Last summer, when the former Dodger Shawn Green took the field of Shea Stadium as a Met for the first time, a Jewish fan held up a poster with Green’s photo and the words, “The messiah has arrived."
Whether Shawn Green wanted to be, NY fans saw him as the second coming of Sandy Koufax. In an article today posted at The Forward about the limited history of anti-Semitism in American sports, the author suggested that was due, in part, to the lack of Jews in professional sports. Jews are sports writers and team owners, league commissioners and coaches. But they're not often all-star athletes.
The author of the article, Gerald Eskanazi, is himself a member of the Jewish Sports Hall of Fame. Inductees include baseball greats Koufax and Hank Greenberg but also Sid Tanenbaum, who only played two years in the ABA.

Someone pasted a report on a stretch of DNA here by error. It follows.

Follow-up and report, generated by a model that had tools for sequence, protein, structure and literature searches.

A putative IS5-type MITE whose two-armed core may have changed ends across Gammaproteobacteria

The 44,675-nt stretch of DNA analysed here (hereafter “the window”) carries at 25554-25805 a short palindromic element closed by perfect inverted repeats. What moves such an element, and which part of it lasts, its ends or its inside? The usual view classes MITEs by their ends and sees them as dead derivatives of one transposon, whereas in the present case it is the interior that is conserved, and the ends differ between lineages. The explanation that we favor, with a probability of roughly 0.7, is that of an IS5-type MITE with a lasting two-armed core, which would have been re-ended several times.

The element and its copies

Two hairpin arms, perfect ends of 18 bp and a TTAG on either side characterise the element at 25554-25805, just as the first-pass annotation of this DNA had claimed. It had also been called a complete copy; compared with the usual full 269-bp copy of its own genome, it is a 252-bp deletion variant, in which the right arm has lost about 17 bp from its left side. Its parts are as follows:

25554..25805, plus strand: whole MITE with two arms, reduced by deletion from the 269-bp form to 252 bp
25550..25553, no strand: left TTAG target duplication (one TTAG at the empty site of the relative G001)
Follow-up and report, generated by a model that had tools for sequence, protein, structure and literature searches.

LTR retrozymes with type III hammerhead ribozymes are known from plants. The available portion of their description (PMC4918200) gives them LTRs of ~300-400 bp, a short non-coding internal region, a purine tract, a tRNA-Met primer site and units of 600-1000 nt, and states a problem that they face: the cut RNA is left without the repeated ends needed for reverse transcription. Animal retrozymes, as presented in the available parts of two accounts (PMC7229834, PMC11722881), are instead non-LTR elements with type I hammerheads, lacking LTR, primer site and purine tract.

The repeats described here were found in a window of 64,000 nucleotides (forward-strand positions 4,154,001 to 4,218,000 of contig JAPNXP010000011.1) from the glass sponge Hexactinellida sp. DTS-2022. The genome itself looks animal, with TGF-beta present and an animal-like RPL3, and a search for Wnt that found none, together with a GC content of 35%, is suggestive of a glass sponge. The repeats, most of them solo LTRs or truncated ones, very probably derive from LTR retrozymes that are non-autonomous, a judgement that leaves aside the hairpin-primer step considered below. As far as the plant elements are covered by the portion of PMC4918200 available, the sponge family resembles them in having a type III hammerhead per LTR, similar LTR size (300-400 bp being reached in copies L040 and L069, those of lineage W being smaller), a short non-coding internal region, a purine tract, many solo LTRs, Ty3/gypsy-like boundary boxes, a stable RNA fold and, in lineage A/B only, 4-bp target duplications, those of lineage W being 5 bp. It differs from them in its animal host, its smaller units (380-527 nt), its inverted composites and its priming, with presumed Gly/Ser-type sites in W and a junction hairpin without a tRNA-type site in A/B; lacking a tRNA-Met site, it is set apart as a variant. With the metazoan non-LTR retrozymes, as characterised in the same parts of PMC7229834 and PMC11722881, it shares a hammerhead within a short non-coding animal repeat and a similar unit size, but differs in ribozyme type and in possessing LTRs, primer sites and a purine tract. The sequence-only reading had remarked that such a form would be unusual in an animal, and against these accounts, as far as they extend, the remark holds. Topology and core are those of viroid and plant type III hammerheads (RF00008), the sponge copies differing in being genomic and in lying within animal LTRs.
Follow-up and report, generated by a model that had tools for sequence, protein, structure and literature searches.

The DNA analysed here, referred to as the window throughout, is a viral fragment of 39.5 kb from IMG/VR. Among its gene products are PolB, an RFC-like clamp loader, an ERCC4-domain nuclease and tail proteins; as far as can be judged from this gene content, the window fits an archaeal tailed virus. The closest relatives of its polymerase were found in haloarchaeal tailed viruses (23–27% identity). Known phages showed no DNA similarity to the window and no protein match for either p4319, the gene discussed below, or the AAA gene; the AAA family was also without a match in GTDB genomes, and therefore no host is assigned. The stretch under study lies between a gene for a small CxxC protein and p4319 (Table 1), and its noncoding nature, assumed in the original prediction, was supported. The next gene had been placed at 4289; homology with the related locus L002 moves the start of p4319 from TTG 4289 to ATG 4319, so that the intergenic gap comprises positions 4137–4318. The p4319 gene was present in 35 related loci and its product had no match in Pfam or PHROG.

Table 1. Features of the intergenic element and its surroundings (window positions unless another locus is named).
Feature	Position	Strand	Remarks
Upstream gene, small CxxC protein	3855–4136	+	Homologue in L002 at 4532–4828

It's difficult to pinpoint the reason Jews have not been more successful at professional sports. A colleague of mine, a native New Yorker with a collection of Jewish baseball cards, once told me he suspected our mothers have something to do with it. "They place such an emphasis on education and being successful," he said. I blame genetics. At 5'10", slower than fast and unable to muscle up past 170, I can't imagine competing at anything more than desk jockeying.
* My good friend David McGrath Schwartz noted basketball was at a time considered a Jewish sport, likely because of its urban connection. Red Auerbach, the greatest coach in professional basketball history, was Jewish. Moses Malone was not.